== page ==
Postmodern Morals, Ends, and Means: Shifting Ideas About Why, How and for Whom Wars are Fought   [open pdf - 415KB]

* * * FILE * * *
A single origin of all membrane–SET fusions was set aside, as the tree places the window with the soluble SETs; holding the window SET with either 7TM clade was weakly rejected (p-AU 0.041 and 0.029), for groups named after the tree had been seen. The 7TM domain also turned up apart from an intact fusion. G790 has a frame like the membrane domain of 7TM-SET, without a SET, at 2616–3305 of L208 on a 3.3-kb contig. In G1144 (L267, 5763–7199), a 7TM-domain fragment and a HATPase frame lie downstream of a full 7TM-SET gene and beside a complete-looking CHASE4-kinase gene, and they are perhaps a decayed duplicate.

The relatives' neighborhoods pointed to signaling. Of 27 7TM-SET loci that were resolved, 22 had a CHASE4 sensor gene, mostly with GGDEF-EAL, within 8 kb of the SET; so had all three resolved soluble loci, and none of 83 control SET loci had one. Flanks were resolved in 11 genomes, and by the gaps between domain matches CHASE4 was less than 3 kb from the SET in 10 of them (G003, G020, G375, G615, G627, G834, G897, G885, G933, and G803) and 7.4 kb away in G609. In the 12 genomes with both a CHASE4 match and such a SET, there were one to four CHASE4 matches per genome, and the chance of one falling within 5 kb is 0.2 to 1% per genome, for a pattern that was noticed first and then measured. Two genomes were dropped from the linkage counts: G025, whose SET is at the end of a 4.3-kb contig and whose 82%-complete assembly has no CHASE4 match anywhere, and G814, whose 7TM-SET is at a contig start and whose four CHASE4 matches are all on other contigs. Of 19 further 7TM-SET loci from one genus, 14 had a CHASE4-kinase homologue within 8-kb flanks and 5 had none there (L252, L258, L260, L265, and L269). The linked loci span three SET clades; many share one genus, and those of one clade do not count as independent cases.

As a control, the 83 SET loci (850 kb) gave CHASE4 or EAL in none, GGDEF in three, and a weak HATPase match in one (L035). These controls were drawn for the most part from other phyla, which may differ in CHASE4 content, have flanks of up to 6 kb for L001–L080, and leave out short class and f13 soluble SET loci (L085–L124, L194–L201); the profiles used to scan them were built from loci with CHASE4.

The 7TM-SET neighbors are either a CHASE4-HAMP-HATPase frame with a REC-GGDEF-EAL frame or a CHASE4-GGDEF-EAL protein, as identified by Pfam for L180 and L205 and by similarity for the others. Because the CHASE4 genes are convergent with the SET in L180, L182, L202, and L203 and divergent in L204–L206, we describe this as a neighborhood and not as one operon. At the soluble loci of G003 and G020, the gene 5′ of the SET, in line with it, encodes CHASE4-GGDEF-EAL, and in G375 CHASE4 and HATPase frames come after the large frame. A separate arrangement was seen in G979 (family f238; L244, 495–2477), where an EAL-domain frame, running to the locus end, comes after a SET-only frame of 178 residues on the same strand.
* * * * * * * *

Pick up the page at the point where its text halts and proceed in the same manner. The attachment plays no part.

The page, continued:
From the abstract: "During the postmodern era moral reasoning on why and how nations fight has shifted. The just war tradition was founded during the fourth century in a system of thought based on natural law as defined by the Christian conception of God. This moral construct served as a means of valuing both humanitarian concerns and state sovereignty. Then, during the Enlightenment era, modernist thinkers removed God as a metaphysical basis of the just war tradition, and systematized it such that state sovereignty had greater value over humanitarian concerns. […] Therefore, there is a search for international bodies that can assume such authority. The National Security Council has accepted this responsibility, but inherently lacks the process to execute the principle to achieve postmodern purposes, so the search continues. […] A viable means exists in the postmodern technologically centric unmanned system. While there may be legitimate moral concerns surrounding drone use, when judged using the just war tradition, there are no moral concerns inherent in unmanned warfare that would prevent it from being used for humanitarian intervention. In fact, unmanned combat vehicles are well suited for such police style enforcement actions. Given the continuing search for an international authority to conduct humanitarian intervention and the viability of unmanned combat vehicles as a means to conduct such missions, these postmodern influences portend an international organization with the authority and means to conduct international police functions in otherwise sovereign states."

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